An occasional series where I watch and review works inspired by Bram Stoker’s 1897 novel Dracula…
These reviews reveal plot twists.
Setting? Small-town America, the modern day.
Faithful to the novel? This lame comedy film’s link to Dracula is lead character Stan Helsing (Steve Howey), who is the great-grandson of the Abraham Van Helsing from Stoker’s book. Stan is a slacker who works at a video store (did we still have those in 2009?!). He’s given the task of delivering some tapes, which he attempts to do while on his way to a Halloween party with his friend Teddy (Kenan Thompson), his ex-girlfriend Nadine (Diora Baird) and Teddy’s date Mia (Desi Lydic). They get lost in the countryside and end up in a gated community where various monsters from other movies are causing some rather tame havoc. So we therefore get spoofy – and unnamed for legal reasons – equivalents of Leatherface (from 1974’s The Texas Chain Saw Massacre), Michael Myers (from 1978’s Halloween), Jason Voorhees (from the Friday the 13th series), Freddy Krueger (from 1984’s A Nightmare on Elm Street), Pinhead (from 1987’s Hellraiser) and Chucky (from 1988’s Child’s Play). Various other horror movies are referenced too, including an oh-so-topical joke about the snotty nose of the girl from The Blair Witch Project (1999). An additional connection to Dracula comes from an appearance from his Brides, here repurposed as a trio of slutty strippers.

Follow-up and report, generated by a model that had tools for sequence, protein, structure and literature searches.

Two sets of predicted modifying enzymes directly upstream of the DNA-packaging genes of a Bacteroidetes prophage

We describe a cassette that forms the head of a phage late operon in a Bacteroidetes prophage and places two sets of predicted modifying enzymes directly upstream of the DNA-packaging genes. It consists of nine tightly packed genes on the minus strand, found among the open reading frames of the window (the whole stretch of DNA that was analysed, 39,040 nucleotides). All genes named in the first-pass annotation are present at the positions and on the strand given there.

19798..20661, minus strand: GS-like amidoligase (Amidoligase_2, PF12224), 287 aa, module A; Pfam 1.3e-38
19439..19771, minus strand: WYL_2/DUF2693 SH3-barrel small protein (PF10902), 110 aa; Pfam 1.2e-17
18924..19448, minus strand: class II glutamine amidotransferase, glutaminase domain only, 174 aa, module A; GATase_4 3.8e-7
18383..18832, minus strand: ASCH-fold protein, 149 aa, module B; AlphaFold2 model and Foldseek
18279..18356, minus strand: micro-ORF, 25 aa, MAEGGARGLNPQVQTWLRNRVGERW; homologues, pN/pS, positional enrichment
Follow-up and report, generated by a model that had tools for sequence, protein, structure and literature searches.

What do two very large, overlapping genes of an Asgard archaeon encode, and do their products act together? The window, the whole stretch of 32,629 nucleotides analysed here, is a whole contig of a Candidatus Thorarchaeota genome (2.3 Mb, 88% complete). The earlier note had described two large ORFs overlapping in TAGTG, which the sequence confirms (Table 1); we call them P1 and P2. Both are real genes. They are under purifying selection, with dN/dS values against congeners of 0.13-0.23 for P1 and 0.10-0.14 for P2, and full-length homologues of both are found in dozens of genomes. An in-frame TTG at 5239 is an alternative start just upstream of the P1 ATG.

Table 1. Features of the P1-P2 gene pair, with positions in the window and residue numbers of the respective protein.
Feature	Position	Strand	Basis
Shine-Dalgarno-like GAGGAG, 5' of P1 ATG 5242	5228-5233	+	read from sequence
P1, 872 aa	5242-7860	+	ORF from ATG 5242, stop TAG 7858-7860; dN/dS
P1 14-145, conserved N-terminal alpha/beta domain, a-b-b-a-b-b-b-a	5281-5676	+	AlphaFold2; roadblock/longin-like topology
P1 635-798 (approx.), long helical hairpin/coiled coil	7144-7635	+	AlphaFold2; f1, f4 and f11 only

Best performance: The whole film is pathetic, lazily sexist trash. Many moments feel specifically designed to amuse idiotic, immature frat boys – hence the obsession with boobs, upskirts, porn, masturbation, strippers, hookers and perverts. One of the main characters, Mia, is even a ditzy blonde who works as a massage therapist (‘Someone who whacks people off…’), dresses in a succession of kinky outfits, asks whether her vagina makes her look fat, and looks happy when someone accidentally penetrates her. Having said all that, actress Desi Lydic manages to land her crummy jokes and is – by some distance – the funniest performance in the movie.
Best moment: The four friends enter an unwelcoming, redneck bar. Dressed in their Halloween fancy-dress costumes, they nervously walk across the room to a vacant table. As they pass by the bar, we see three men reading newspapers. The respective headlines read: ’10th anniversary of tragic fire’, ‘Town fears Halloween horrors’, and ‘Cowboy, Indian, superhero and stripper headed for table 9.’
Review: This boring and witless mess is one of the many, many genre-spoof comedies that looked at 1980’s Airplane! and thought it was a really easy film is make. There are tits gags, lots of toilet humour, a bit of homophobia, a tired Leslie Neilsen cameo, and a plot that isn’t even trying to make sense. The script reeks of being tossed off without any thought at all, then filmed by people who are far too in love with themselves.
Three rats out of 10